I signed up for Grammarly last week, and I have been enjoying it. It seems to do a very in-depth grammar and usage check. I ran a 300-page manuscript through it, and it came back with 2,500 issues. As I am working my way through all of them, I find that about one-quarter are changes that I definitely need to make and another quarter are in a gray area that I think can go either way. I usually make the change. About half of the issues are things that I don’t believe need to be changed.
The program looks at contextual spelling, grammar, punctuation, sentence structure, style, and vocabulary enhancement. You can also run a plagiarism check. I haven’t tried this feature yet, so I can’t comment on how effective it is.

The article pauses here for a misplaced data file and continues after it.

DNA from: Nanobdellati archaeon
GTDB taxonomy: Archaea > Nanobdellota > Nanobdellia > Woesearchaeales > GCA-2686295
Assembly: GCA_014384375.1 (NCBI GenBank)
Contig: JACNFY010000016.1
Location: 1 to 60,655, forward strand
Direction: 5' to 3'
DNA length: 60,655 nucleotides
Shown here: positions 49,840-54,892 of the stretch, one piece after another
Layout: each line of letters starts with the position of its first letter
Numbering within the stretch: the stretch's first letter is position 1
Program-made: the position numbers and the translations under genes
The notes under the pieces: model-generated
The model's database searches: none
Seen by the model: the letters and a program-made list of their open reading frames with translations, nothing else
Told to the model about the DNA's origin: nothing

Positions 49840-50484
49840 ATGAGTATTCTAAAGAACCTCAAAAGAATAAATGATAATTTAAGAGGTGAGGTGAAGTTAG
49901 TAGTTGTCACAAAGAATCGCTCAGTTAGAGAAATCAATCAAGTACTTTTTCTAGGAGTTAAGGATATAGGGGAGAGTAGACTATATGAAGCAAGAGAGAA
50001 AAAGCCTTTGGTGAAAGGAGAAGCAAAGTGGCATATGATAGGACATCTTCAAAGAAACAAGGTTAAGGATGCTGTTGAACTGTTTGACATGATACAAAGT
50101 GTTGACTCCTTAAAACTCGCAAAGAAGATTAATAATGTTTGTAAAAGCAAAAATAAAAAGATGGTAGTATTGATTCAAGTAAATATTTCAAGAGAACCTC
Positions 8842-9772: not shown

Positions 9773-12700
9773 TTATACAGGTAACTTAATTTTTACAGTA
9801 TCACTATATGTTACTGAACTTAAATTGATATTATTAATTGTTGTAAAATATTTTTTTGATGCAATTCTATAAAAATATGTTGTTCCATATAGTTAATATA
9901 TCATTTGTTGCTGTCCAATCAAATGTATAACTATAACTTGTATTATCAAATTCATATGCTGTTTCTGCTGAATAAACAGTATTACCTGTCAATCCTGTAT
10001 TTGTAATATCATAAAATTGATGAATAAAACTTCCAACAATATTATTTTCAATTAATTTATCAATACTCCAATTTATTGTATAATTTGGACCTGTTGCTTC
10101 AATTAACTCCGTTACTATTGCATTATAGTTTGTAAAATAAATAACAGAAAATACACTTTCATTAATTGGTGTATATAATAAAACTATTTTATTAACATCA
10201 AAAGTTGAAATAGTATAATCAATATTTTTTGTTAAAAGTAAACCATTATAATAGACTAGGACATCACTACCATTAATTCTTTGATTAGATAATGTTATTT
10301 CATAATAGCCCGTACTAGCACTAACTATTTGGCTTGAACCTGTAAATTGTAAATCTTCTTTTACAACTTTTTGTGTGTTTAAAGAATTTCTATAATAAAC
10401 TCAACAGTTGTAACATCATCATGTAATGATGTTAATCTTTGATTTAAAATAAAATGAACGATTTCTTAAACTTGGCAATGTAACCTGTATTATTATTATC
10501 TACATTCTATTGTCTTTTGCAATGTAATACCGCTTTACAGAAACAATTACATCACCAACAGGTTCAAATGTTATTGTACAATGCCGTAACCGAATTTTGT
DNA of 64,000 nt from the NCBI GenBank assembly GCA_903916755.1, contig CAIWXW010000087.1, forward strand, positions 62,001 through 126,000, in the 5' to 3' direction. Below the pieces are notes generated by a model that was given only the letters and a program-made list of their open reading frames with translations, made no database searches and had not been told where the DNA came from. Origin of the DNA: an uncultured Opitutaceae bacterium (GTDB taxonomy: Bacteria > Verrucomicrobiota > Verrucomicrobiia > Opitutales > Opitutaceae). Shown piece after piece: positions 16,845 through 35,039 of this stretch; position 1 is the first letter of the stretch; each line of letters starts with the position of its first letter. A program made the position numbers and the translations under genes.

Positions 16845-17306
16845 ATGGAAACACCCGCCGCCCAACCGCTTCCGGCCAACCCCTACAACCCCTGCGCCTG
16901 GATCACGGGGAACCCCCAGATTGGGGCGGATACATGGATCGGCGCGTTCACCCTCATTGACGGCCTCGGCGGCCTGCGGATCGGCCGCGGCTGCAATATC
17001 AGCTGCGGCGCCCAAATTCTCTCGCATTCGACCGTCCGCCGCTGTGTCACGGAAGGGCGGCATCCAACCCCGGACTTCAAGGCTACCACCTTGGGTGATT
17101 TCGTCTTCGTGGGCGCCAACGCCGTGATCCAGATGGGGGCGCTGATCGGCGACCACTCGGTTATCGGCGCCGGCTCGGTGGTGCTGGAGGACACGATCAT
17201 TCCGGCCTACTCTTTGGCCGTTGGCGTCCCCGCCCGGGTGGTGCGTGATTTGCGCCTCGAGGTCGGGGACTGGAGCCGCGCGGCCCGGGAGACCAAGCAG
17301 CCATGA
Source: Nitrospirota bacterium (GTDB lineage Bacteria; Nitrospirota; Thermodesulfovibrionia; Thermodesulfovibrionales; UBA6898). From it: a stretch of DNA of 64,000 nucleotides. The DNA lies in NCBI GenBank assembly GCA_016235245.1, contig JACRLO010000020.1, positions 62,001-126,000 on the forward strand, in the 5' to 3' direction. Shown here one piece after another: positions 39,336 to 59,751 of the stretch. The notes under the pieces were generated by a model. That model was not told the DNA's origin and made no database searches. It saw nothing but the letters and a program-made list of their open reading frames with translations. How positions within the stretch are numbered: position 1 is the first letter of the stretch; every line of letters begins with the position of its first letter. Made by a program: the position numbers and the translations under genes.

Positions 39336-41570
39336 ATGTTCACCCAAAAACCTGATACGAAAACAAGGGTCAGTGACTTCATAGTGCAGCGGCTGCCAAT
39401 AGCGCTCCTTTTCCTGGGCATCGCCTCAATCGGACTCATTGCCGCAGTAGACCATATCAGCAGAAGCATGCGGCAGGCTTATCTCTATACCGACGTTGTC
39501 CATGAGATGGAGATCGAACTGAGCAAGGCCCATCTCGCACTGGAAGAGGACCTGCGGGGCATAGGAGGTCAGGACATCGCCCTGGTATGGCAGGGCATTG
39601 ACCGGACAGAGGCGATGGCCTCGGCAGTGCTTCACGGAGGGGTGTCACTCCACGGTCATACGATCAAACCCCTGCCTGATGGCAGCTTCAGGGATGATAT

Grammarly offers a free and paid version. I’m not exactly sure what the differences are, only that the paid version found a lot more issues. The paid version is $140 a year. With the amount of writing that I do each year, it’s a bargain for me. I can head off mistakes before an editor sees them.
What I am finding is that the program is calling my attention to words that I use too much. I have to look at each one and decide if I want to keep it or substitute a different word.
I can see this becoming a very valuable beta reader of my books and articles; one that will improve my writing.
The program was easy to install. It not only looks at my Word documents, but another add-on also looks at any writing that I do online, such as e-mails.
Writers should check out this program. Sign up for the free version and try it out and see if it doesn’t help you write better.
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- Which type of freelance writing do you choose?
- Catching dreams in your idea net
- How to use beta reader feedback